Brexit demands a new economic vision, not Osborne’s corporate tax cuts

The government needs a new fiscal policy and it should be built on investment in the people


The post referendum chaos has provided the cover for Chancellor George Osborne to abandon one of the government’s coveted economic policies – to generate a budget surplus by 2020.

This policy was the excuse for unprecedented austerity measures and cuts in public expenditure and failed to deliver tangible results. The expected rise in corporate investment, leading to higher wages and tax revenues did not materialise.

The most recent figure of the public sector debt of £1.6 trillion, equivalent of 83.7 per cent of GDP, provided ample evidence of the failure of government policies.

The government needs a new economic policy. That would mean investment in infrastructure, progressive taxation, a refined industrial policy and addressing skills shortages.

However, that is not what is on offer. Instead, the government is seeking to make UK a tax haven for corporations and the wealthy. The rate of corporation tax is to be reduced to 15 per cent, bringing the UK rate in line with that in Albania, Georgia, Iraq, Latvia, Lithuania and Serbia.  

This is accompanied by a policy of selling household silver at knockdown prices. The latest example is the privatisation of Land Registry. None of this can address deep-seated economic problems.

There is plenty of evidence to show that cuts in corporation taxes are accompanied by tax rises elsewhere or public expenditure cuts and have a negative effect on the economy.

The cuts enable companies to pay higher executive salaries and dividends to shareholders are effectively a transfer of wealth from the less well-off to the wealthy.

Excessive cuts in corporate taxes do not produce new jobs or investment because businesses flourish when there is a good social infrastructure, an educated and healthy workforce, investment in new technologies and increase in the purchasing power of people.

Long term investment is not going to come from corporations as they are mired in short-termism. FTSE 100 companies are sitting on a cash pile of around £138 billion.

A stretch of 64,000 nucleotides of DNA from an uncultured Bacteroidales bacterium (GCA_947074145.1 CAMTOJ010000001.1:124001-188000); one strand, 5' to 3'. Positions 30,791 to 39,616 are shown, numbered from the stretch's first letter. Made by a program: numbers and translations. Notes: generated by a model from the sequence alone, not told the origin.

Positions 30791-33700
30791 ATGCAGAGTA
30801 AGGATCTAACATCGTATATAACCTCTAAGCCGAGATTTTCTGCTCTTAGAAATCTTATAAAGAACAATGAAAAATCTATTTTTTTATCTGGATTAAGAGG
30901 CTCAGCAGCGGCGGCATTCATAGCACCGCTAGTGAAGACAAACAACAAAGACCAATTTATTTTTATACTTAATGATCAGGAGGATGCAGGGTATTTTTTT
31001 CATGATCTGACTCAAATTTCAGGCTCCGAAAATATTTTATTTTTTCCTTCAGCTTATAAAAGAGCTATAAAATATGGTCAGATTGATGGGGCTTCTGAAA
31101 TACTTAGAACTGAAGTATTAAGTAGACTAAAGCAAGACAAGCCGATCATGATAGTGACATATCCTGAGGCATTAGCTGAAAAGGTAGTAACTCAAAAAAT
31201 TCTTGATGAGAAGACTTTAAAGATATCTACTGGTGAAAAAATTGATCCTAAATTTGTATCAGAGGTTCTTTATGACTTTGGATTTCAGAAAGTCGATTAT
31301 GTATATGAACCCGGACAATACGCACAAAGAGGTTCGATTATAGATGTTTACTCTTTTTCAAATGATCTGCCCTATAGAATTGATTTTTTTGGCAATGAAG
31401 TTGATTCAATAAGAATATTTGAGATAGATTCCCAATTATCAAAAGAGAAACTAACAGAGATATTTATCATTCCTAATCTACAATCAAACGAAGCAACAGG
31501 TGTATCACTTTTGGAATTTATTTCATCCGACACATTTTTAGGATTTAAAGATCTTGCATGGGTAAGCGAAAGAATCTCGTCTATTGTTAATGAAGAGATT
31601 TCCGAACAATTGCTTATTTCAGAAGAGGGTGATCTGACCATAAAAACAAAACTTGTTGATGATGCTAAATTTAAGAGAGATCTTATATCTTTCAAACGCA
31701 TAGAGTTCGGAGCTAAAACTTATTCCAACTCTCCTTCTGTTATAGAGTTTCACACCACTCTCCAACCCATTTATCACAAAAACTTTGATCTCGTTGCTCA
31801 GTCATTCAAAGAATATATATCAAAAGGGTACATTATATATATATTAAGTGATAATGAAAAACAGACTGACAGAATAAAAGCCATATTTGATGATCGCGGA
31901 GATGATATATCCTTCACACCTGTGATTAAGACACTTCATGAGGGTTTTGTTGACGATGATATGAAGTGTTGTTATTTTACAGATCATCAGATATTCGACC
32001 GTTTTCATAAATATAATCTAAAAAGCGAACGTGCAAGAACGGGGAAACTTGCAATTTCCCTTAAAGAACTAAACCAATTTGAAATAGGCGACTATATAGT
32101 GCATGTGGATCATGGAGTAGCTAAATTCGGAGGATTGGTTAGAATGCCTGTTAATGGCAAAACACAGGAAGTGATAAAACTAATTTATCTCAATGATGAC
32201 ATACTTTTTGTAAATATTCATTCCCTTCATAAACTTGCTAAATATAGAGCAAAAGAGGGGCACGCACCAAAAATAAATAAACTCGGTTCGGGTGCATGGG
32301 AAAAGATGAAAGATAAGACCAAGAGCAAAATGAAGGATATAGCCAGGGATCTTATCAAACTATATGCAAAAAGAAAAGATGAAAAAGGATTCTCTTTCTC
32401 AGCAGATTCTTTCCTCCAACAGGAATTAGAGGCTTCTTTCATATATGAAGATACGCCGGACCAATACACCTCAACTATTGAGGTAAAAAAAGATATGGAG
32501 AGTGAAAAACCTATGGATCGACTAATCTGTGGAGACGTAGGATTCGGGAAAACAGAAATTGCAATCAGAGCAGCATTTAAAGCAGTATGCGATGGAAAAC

With Brexit uncertainties, corporations will be even more reluctant to invest as they await the outcome of negotiations with the EU and the rest of the world. The UK’s economic growth has been low because people’s purchasing power has been eroded.

For example, for the first quarter of 2016 the UK workers’ share of GDP stands at 49.9 per cent compared to 65.1 per cent in 1976. With less money in their pocket, people are likely to spend less.

The government needs a new fiscal policy and it needs to be built on investment in the people, the most durable asset of any nation.

It can do this, boost people’s spending power and address skills shortages by abolishing university tuition fees. Business costs can be reduced by a programme of filling potholes and providing replacement roads at a cost of £12 billion.

The additional investment in bridges, transport, housing, schools and apprenticeships can provided the much needed stimulus. It is a real irony that the UK companies are sitting on mountains of cash, but the government has to look to companies owned by the Chinese government to provide funds for long-term investment to build reactors at Hinkley Point to secure electricity supplies.  

Of course, none of this comes cheap, or is without financial and political risks. Yet even this has not encouraged any new economic thinking.

So how do we find the resources to reinvigorate the economy? The government should cancel all corporate tax cuts and reverse the income tax cuts for the wealthy. £15 billion can be secured by simply reversing the corporate tax cuts announced in the March 2016 budget alone.

It can bring test cases to challenge corporate tax avoidance and change laws and collect tax revenues. It can reduce wealth inequalities and increase tax revenues for investment by changing the way capital gains are taxed.

For example, the March 2016 budget announced that from 6 April 2016, the higher rate of Capital Gains Tax (CGT) will be reduced from 28 per cent to 20 per cent.

This encourages wealthy to engage in paper transactions to convert income, which might be taxed at the marginal rate of 45 per cent, to capital gains.

Capital gains are essentially windfalls and are not solely generated by the efforts of the individuals involved. The gains should be added to the income of the individuals and taxed at the relevant marginal rates. This could be 45 per cent for some individuals.

The government hands out billions in corporate subsidies without any tangible returns. This free money should be replaced by loans and equity stake to ensure that taxpayers get something back and that can be invested in the infrastructure.

Then there is continuing scandal of the Private Finance Initiative (PFI), a scheme under which companies rather than the government build schools, roads, hospitals, offices and prisons at exorbitant cost, and the government then promises even higher returns to companies.

Companies have invested around £57 billion but will receive £307 billion in return. Interest rate calculations are an integral part of the PFI projects. Many of the projects started before the interest rates were reduced to 0.5 per cent.

Bankers have freely admitted that the interest rates were also rigged. So the returns on PFI projects are based on fraud. An investigation of the projects can recoup billions for public investment.

There are plenty of opportunities for government to change its economic course, but it is unlikely to as it lacks vision.

Prem Sikka is Professor of Accounting at Essex Business School’s Centre for Global Accountability

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